Saturday, May 15, 2010

Pew on Hispa-, er, Latino youths in the US

Last December, the Pew Hispanic Center released a report entitled "Between Two Worlds: How Young Latinos* Come of Age in America". For those with an interest in the future socio-cultural environment of the US, there is plenty to think about. Following are a few words on some of those things.

Steve Sailer has observed that subsequent generations of Hispanics are indeed assimilating to US norms of behavior. But they are black norms, not white ones. In a similar vein, they come into the US with socially conservative positions on high-visibility issues like abortion and same-sex marriage. Those who have been in country longer, however, are more liberal. Only 25% of young Hispanics feel abortion should be legal, compared to 38% and 58% of second- and third-generation Hispanics. When it comes to same-sex marriage, 39% of the same first-generation Hispanics support it, while 48% and 52% of second- and third-generation Hispanics do.

Relatedly, new arrivals place relatively more responsibility on the shoulders of Hispanics for their underwhelming levels of educational achievement. While 51% of first-generation Hispanics identify the tendency for Hispanic students not to work as hard as other students as a "major reason" for their struggles, only 22% and 11% of second- and third-generation Hispanics do.

First-generation Hispanics are also less perceptive of the relentless bigotry of their new host country than Hispanics who were born here are. Among first-generation Hispanics, 32% assert that they, a family member, or someone they know well has been discriminated against because of race or ethnicity. For those of second and third generations, 40% and 42% say the same. Funny that, in addition to wearing swarthy skin and having a last name like Lopez, being unable to speak English, eating out of a lunch pale under the shade of a tree in a convenience store lot, wearing pointy-toed boots, and listening to the same music one hears while waiting in line for a Six Flags' roller coaster actually makes one less of a target for racial discriminators than only having brown skin and a surname that ends in the letter z does!

To complement a recent post on future demography at the state level, the following table shows composite racial^ percentages of the US population by age cohort:

AgeWhiteHispanicBlackAsianOther
0-1555.3%22.6%14.2%4.2%3.7%
16-2560.9%18.1%14.3%4.2%2.6%
26+69.8%12.9%11.0%4.8%1.5%

(Pacific Islanders are included in the "Asian" category)

Drawing from this table, it looks as though four decades down the road, Hispanic representation among those living in the US will double at the expense of whites. Blacks will tread water, and the Asian share should stay pretty flat as well. Census projections, however, predict a doubling of Asian representation over the same time period. The Census also suggests that the Hispanic share is a little understated, and should be about one-quarter of the total population. These further increases again come at the expense of whites, who are predicted to constitute half of the US population by mid-century. The differences in the preceding table and the Census numbers, of course, are due to immigration--there are lots of people coming here from China and India, but the Asian total fertility rate in the US is right at 2.0, slightly below replenishment.

* Humorously, more than twice as many Hispanics prefer that descriptor over "Latino" (35% to 14%), while half (51%) don't express a preference one way or the other. Even though it is not favored by Hispanics and is less sensible than the term "Hispanic" (Hispanics speak Spanish, not Latin), media types--including Pew, apparently!--are apt to use "Latino". I presume this is because it is more difficult for native English speakers to correctly pronounce "Latino" than "Hispanic"--doing the lipsy thing with the "t" signals a level of cultural sophistication that is to be admired and emulated!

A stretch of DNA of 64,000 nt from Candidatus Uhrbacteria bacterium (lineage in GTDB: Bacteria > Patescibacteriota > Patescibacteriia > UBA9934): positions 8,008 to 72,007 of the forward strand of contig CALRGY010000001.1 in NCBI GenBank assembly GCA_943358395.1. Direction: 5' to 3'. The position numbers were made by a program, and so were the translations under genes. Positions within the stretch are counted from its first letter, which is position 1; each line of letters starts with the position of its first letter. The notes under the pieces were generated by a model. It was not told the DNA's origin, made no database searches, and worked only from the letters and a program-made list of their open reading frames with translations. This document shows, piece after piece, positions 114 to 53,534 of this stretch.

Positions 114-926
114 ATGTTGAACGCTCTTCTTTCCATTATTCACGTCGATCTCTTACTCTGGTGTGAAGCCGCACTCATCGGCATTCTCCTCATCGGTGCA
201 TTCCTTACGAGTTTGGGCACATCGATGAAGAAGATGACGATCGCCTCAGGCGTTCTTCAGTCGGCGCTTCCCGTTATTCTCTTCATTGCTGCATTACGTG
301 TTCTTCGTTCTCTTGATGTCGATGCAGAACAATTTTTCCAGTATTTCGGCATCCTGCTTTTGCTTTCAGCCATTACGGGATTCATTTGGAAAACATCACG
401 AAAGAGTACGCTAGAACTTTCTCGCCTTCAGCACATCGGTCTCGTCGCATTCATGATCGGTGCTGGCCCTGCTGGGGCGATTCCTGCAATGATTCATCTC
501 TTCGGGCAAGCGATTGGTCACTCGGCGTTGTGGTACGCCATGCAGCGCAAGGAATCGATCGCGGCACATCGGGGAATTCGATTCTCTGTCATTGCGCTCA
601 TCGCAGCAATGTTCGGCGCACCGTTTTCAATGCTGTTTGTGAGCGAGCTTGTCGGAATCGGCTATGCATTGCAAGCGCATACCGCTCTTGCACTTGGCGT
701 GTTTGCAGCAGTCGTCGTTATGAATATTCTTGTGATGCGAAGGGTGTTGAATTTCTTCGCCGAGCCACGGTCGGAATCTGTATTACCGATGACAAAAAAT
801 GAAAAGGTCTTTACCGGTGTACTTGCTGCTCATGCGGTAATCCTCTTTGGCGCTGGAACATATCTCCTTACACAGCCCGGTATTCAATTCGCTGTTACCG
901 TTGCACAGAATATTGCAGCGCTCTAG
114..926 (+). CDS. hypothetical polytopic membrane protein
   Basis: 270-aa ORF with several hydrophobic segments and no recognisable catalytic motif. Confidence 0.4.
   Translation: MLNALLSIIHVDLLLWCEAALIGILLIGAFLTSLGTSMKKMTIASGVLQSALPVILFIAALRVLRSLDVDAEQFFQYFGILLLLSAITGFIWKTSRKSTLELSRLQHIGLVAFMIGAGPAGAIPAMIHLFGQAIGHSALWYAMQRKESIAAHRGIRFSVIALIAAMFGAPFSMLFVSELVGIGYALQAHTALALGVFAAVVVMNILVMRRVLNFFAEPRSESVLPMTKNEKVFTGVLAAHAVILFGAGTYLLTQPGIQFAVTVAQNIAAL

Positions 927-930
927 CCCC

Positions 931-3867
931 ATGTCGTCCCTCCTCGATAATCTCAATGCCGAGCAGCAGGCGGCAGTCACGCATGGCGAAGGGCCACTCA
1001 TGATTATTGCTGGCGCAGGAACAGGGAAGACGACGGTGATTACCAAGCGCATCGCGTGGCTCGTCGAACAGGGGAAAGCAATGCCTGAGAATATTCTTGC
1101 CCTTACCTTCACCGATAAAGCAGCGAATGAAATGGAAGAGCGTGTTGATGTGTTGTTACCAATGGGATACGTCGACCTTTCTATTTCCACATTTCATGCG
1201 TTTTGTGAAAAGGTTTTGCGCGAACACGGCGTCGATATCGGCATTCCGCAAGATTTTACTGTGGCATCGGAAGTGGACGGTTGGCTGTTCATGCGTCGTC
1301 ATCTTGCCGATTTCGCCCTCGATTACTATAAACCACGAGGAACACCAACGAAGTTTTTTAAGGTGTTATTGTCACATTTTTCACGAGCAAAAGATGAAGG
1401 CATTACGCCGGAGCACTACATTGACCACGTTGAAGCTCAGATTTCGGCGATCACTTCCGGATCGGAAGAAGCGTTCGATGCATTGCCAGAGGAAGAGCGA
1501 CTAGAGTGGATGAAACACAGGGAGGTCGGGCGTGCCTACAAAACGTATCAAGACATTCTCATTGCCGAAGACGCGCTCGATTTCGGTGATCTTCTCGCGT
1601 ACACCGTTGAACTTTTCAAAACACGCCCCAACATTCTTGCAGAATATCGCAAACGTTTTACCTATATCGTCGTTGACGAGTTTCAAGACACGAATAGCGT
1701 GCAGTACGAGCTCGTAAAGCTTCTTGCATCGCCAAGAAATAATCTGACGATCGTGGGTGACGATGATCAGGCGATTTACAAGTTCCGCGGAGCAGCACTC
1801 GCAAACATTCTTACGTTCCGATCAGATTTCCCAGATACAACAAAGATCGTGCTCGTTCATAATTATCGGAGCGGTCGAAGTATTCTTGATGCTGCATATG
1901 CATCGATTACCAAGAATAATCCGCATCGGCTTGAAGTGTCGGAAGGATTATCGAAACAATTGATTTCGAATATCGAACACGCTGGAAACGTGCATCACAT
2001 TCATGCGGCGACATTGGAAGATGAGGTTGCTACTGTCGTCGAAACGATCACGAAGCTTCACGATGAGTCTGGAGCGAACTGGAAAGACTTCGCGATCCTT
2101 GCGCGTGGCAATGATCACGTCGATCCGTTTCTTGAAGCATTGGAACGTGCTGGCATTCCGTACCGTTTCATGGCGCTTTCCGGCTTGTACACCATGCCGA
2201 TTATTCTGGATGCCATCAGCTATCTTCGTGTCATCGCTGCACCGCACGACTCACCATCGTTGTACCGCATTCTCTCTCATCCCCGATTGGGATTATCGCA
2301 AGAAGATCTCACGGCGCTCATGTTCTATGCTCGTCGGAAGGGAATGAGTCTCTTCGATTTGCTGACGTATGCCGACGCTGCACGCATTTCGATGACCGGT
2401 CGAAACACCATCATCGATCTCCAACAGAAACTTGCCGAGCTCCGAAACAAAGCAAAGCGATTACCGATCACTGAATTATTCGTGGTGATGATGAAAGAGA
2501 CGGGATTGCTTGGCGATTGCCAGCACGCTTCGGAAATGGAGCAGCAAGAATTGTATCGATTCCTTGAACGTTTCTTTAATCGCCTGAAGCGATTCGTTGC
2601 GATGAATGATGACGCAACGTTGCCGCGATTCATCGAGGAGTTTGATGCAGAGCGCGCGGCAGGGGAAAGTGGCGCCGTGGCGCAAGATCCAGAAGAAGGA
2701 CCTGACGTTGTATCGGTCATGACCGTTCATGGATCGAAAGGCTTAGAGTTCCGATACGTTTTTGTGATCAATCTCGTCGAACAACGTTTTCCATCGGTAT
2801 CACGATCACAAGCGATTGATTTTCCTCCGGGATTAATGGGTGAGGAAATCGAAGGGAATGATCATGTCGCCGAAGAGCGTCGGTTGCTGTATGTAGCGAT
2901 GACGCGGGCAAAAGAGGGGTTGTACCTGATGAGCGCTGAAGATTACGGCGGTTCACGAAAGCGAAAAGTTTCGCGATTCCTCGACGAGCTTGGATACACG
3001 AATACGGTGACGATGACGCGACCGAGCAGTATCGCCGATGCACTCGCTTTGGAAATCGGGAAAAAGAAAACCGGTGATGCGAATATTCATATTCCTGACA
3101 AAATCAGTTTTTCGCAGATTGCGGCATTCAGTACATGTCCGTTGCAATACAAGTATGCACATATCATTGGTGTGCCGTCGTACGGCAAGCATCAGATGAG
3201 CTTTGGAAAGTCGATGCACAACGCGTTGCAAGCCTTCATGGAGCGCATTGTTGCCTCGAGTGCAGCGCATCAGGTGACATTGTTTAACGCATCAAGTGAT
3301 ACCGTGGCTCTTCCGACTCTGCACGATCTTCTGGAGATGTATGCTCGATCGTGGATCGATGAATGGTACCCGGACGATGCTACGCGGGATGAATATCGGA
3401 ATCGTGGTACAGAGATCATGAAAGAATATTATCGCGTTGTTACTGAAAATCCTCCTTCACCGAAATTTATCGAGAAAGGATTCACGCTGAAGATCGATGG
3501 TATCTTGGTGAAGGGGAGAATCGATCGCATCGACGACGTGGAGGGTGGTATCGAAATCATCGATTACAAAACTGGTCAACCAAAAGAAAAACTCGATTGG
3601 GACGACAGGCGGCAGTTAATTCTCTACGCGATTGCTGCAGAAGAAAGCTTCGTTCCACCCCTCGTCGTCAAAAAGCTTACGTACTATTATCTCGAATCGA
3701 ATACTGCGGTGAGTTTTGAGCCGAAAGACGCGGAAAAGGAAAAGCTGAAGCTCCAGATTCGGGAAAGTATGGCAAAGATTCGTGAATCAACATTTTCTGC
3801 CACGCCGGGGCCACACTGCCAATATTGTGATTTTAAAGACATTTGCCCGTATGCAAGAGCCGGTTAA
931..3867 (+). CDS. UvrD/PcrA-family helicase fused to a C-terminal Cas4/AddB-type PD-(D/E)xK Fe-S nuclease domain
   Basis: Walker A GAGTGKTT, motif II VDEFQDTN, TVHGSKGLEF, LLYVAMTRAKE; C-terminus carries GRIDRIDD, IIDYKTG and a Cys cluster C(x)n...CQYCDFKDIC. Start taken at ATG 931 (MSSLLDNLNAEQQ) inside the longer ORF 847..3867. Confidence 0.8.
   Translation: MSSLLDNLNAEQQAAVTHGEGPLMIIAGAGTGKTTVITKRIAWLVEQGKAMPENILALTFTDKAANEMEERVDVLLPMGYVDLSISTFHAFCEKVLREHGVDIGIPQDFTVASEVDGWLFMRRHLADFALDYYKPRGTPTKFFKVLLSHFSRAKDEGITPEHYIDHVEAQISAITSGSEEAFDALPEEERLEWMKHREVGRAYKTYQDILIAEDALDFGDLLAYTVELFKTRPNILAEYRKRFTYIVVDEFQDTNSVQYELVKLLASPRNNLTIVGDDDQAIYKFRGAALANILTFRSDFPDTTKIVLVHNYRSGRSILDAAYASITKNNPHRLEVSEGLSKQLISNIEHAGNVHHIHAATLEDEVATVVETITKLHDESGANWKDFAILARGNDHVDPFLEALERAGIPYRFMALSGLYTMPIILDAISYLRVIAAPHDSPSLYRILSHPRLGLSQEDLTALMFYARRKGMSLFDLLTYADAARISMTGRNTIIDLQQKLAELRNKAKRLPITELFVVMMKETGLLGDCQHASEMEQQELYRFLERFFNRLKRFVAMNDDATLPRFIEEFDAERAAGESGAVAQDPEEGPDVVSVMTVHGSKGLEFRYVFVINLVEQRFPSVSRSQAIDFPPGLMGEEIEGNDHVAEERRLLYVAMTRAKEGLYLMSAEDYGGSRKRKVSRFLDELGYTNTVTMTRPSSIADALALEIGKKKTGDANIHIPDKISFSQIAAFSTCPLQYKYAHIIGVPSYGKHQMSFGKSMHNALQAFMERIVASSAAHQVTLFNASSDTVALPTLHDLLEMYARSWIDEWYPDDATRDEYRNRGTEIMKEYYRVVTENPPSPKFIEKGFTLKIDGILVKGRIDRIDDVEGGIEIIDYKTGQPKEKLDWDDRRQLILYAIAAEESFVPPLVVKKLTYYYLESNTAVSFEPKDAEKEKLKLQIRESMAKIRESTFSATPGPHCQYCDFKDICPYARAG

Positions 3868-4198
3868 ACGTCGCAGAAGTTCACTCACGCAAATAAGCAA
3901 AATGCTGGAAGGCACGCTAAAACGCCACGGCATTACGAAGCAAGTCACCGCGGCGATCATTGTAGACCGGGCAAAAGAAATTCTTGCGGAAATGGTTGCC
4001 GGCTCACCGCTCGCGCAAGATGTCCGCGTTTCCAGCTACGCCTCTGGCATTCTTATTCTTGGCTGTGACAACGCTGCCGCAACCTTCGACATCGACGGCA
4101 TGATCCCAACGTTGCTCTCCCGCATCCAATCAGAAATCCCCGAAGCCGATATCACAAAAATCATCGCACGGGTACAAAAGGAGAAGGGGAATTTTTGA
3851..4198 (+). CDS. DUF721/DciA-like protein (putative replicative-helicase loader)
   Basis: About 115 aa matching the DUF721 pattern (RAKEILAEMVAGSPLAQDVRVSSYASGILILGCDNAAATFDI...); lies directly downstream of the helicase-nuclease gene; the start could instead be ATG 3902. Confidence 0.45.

^ Unless otherwise noted, "non-Hispanic" should be assumed to precede each racial category except for "Hispanic".

10 comments:

ironrailsironweights said...

It could be that the 2nd- and especially 3rd-generation Hispanics who are more successful and/or assimilated are less likely to identify as Hispanic in the first place.

Peter

dprosenthal said...

So much for the idea that these folks are streaming into America to provide a brighter future for their children. If that were the case, wouldn't they all try to learn to speak English and encourage their children to take advantage of our free system of education?

Anonymous said...

I doubt the use of Latino has anything to do with making you uncomfortable using that word. It's not like it's very hard to say or should require from you that much effort to pronounce correctly. It makes more sense to use "Latino" as it refers to a geographical area. It is synonymous to saying "South American" or "Central American." Not to mention, people are apt to racialize "Hispanics" when we all know there are people of all races with Spanish language ability. Anyways, thinking that use of the term "Latino" is to make non Spanish speakers feel uncomfortable is just silly.

I have lived in both South Florida and Texas and there are definitely some patterns that are forming. I do believe that Latinos are splitting themselves up based on consanguinity. White Spanish speakers are making babies with the white Americans and black (or mostly black) Spanish speakers are making babies with black Americans. Soon we will be left with a mass of only indigenous Indian and Mestizos. Growing up in Texas, I know quite a few kids who have one Latino parent and one white parent who came out looking very phenotypically white and are socially and culturally white, with the exception of when they want to apply for medical school and want to get in on their first try. Suddenly, they "find" their heritage ;).